In addressing the issues involving damages, the Court finds that Section 559.77(2) specifically provides for three types of damages, in addition to court costs and reasonable attorney’s fees. Those are actual damages, statutory damages up to $1,000, and punitive damages, which may be awarded in the trial court’s discretion. In the Statement of Claim Townsend pled “damages as defined by Florida State Statute Section 559.77 including but not limited to emotional distress and fear, embarrassment, damage to his reputation and credit worthiness, economic damages and other damages.” The Court finds that Townsend sufficiently pled all damages that were statutorily available, including actual and punitive damages. Indeed, as pointed out by Townsend, punitive damages can be award by the trial court “in its discretion” so that such a request for relief need not be express in the complaint.
However, as set forth in Heard,
“where a particular remedy is conferred by statute, it can be invoked only
to the extent and in the manner prescribed.”
See Heard, 344 So.2d at 655. Therefore, Townsend cannot maintain a claim
for emotional distress damages, as such are not prescribed by statute. Further, the Court finds that the two cases
cited by Townsend in support of emotional distress damages are distinguishable
from the present case as both involve causes of action premised on negligence.
See Rowell v. Holt, 850 So.2d 474 (
Additionally, assuming arguendo that the Florida Rules of Civil Procedure, specifically Rule 1.442, were properly invoked,  a proposal of settlement made pursuant to Florida Statute, § 768.79, is not applicable to claims filed under the Florida Consumer Collection Practices Act. See Clayton v. Bryan, 753 So.2d 632 (Fla. 5th DCA 2000)(holding that state offer of judgment statute was preempted by the FDCPA); see also Peeples v. Ugly Duckling Credit Corp., Case No. 02-01528 (Fla. Hillsborough Cty. Ct. 2003)(striking defendant’s proposal for settlement pursuant to Clayton v. Bryan); aff’d, Drivetime Credit Corp., f/k/a Ugly Ducking Credit Corp. v. Peeples, Case No. 2D03-2063 (Fla. 2d DCA 2003); Zdobinsky v. Time Warner Inc. v. Credit Protection Association L.P., Case No. 01-10499 (Fla. Hillsborough Cty. Ct. 2003)(same). Therefore, Asset’s argument that the case was properly dismissed as moot since Townsend was offered all she could ever recover, $1,000, plus court costs and attorney’s fees, must fail.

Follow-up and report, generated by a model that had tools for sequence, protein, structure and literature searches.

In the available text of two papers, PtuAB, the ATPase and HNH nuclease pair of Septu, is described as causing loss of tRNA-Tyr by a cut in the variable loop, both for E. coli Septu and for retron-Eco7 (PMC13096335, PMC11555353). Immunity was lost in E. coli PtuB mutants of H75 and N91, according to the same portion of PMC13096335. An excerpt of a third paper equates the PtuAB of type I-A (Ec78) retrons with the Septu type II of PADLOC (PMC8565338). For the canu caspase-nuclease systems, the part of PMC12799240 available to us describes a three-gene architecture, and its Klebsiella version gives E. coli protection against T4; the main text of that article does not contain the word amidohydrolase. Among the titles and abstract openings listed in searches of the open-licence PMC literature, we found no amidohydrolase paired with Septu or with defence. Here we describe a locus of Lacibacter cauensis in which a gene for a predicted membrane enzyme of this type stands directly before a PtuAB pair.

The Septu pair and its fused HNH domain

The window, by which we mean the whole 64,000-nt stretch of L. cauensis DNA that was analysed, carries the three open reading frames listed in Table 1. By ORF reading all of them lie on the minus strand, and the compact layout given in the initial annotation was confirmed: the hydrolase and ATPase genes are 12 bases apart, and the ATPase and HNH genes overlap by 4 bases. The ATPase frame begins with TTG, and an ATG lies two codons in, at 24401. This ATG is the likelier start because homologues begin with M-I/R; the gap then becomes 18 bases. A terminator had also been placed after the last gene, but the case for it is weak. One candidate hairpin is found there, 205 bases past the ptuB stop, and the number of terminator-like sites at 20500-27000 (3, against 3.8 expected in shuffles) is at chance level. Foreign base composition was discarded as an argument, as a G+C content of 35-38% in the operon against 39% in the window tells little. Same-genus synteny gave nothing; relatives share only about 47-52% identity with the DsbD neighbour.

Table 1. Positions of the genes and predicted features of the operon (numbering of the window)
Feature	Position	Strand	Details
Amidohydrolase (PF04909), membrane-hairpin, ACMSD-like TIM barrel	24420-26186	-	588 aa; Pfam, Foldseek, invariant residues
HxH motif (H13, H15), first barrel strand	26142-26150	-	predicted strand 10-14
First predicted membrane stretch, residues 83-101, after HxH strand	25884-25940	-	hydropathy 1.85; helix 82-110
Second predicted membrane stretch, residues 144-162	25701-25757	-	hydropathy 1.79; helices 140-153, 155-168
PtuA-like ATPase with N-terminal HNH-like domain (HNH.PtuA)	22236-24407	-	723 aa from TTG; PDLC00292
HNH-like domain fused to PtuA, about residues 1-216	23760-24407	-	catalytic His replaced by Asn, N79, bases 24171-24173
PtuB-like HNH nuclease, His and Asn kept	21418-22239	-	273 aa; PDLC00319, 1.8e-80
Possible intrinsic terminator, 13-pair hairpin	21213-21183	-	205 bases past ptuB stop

Lastly, in remanding this matter, the Court notes that the preceding small claims case filed by Asset, Asset Acceptance Corp. v. Townsend, Case No. 02-002946-SC (Fla. Pinellas Cty. Ct. 2002), which apparently involved the same parties and subject matter, was voluntarily dismissed by Asset prior to the pre-trial hearing.  Therefore, Small Claims Rule 7.110(a), Compulsory Counterclaim, which may have precluded Townsend from bringing the present case, is inapplicable. Asset’s argument that Townsend cannot plead attorney’s fees as damages in the present case must fail as there is no provision for attorney’s fees following a voluntarily dismissal in small claims court, as compared with the Florida Rules of Civil Procedure, Rule 1.525.
Therefore, it is,
ORDERED AND ADJUDGED that the Order Granting Dismissal is reversed and this cause is remanded for action consistent with this Order and Opinion. It is further
ORDERED AND ADJUDGED that the Appellant’s Motion for Award of Attorney’s Fees is granted contingent upon the Appellant ultimately prevailing in the proceedings below.
DONE AND ORDERED in Chambers, at Clearwater, Pinellas County, Florida this ________ day of August 2004.
JOHN A. SCHAEFER
Circuit Judge, Appellate Division
Copies furnished to:
Judge Walt Fullerton
Mark T. Tischhauser, Esquire
3134 North Boulevard
Tampa, FL 33603
Barbara A. Sinsley, Esquire
559 Lake Kathy Drive
Brandon, FL 33510
 Asset voluntarily dismissed this case as further explained below.
 Rule 1.442 would necessarily have to be invoked pursuant to Small Claims Rule 7.020(c), as the Small Claims Rules do not recognize a proposal for settlement.
 The Court can take judicial notice of this case. See e.g. Allstate Ins. Co. v. Greyhound Rent-A-Car, Inc., 586 So.2d 482 (Fla. 4th DCA 1991).